Saturday, March 27, 2010
We recently had our "Bradley Class Reunion". "Bradley" is the birthing method Josh and I chose to follow. It is a 12 week program that walks you through more-than-you-ever-wanted-to-know-about-birth and preparing for baby. It was immensely helpful and I would highly recommend it to any expectant mothers out there looking to get ridiculously overly-educated about what the heck is going on with their body and their babies. We particularly chose it for its involvement of the father. In fact, the book that supplements the class is called "Husband Coached Childbirth"...and they aren't kidding. Just as Josh how exhausting it is to support someone through labor - I can attest to his superb skills, along with the relaxation techniques I learned, that kept me going through my nearly 15 hour unmedicated period of labor, with contractions coming every 2-4 minutes straight. (Roar, I am woman).
Ironically, though we spent hours and hours preparing for a natural labor, the only two students who could make the reunion ended up with c-sections! The class was small - only 3 couples - and 2 of us ended up in the OR, much to our chagrin. The other couple was able to have a homebirth with a midwife, so kudos to them and many congrats on the use of their Bradley-learned-skills put into practice! I was sad they weren't able to make the reunion, and our instructor was sick and unable to come as well...so, us c-sec gals got to finally catch up and compare notes...as well as meet each other's precious little bundles (now, nearly 5 months old!) It was awesome to see each other, now as parents, and literally look at the fruit of our labors laughing and playing with each other.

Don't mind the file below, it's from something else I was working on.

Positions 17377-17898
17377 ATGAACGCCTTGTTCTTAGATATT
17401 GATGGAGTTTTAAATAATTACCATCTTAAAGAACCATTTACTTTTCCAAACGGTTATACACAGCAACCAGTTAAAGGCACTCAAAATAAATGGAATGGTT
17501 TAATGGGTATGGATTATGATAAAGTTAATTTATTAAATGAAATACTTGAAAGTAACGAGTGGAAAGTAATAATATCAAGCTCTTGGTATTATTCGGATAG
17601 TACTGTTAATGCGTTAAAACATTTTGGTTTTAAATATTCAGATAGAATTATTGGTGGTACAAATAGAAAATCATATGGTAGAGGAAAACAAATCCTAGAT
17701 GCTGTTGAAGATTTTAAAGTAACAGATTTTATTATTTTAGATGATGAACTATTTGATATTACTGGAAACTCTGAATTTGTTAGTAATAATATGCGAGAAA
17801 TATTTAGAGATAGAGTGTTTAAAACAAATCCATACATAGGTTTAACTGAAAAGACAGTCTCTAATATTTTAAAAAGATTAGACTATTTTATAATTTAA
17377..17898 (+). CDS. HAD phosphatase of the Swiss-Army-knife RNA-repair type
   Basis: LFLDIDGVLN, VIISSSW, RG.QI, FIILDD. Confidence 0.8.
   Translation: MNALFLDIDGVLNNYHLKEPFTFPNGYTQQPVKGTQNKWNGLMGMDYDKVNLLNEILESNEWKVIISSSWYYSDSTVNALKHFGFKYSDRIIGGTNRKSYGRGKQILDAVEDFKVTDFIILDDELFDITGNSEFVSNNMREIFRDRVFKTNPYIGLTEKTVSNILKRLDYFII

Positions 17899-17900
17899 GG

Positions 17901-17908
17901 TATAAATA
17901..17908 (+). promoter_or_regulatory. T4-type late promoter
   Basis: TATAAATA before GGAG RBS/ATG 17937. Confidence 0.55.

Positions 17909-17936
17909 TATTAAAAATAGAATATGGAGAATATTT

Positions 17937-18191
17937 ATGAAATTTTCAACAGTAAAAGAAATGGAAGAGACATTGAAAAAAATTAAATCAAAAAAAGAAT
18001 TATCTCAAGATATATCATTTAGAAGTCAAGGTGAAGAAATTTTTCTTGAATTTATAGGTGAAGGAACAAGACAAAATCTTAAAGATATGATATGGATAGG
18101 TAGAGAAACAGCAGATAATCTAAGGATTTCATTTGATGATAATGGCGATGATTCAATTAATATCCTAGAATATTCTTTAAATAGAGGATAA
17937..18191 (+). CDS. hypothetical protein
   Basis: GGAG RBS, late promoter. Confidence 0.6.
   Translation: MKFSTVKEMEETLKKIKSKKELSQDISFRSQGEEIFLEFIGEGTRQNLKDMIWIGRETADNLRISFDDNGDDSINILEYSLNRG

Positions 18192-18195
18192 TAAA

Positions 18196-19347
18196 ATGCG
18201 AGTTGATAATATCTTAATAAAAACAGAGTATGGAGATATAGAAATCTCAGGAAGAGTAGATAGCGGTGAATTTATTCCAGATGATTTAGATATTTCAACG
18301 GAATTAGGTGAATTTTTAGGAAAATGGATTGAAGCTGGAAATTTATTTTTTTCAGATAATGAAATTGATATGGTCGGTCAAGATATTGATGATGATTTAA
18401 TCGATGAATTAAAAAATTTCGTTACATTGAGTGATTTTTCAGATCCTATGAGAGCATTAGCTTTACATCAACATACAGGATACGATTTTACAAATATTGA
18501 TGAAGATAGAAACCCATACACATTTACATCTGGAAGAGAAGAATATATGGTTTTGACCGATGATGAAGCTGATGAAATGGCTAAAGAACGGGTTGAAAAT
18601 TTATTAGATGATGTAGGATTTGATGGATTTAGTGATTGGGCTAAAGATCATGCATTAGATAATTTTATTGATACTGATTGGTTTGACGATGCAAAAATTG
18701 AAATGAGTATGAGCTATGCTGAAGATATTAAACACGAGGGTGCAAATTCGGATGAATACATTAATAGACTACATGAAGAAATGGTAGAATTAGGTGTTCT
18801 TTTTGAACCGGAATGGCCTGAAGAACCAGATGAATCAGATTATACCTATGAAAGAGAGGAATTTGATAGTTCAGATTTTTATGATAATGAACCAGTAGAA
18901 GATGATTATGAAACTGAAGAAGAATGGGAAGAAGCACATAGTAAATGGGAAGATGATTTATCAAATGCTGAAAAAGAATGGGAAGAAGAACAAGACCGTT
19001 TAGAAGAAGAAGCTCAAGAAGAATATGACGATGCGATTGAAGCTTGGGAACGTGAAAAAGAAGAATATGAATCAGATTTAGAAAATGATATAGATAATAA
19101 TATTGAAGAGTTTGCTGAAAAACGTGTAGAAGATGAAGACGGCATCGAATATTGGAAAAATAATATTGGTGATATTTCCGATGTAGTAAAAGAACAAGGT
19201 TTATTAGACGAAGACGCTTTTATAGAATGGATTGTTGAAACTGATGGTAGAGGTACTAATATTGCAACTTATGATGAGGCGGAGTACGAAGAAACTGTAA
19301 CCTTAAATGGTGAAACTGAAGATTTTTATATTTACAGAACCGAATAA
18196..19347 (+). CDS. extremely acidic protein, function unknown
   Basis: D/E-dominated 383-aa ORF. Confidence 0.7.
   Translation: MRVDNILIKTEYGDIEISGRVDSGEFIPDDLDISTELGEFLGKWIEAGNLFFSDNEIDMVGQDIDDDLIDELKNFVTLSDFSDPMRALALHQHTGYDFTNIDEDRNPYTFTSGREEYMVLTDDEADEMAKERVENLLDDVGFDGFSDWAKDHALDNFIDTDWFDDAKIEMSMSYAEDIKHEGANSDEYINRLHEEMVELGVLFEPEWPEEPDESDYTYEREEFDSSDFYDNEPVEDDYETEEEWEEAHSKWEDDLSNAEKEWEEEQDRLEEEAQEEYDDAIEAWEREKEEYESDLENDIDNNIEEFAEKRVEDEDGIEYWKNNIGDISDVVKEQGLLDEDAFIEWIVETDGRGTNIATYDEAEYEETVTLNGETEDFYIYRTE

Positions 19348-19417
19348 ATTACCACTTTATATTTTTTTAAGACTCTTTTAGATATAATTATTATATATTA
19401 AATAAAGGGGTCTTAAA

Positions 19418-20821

Now, here's what I have to say about childbirth. No, no, I'm not gonna get all graphic on you - no need for panic. What I mean is, in my journey to find the best method of preparation for bearing a child, I can pretty much sum up in this: educate yourself on everything, expect the unexpected, and enjoy the experience. I think these are all valid things you can actually choose to do...the rest is up to God, your baby, your body, and your doctors which are entirely unpredictable until you are in the midst of it.
It seems that there has never been a more open time for options in the world of birthing than there is today. There are women that schedule their c-sections months in advance to accomodate their (or their doctor's) schedules...and there are women having natural water births in the middle of their living rooms. There used to be no choices at all - the doctor would just tell you what to do. Then, "to get the epidural or not to get the epidural" was the question. Now, women are taking the decision-making into their own hands, dictating a "birthplan" to their doctors, midwives, doulas, and husbands as the authority over their own birth experience.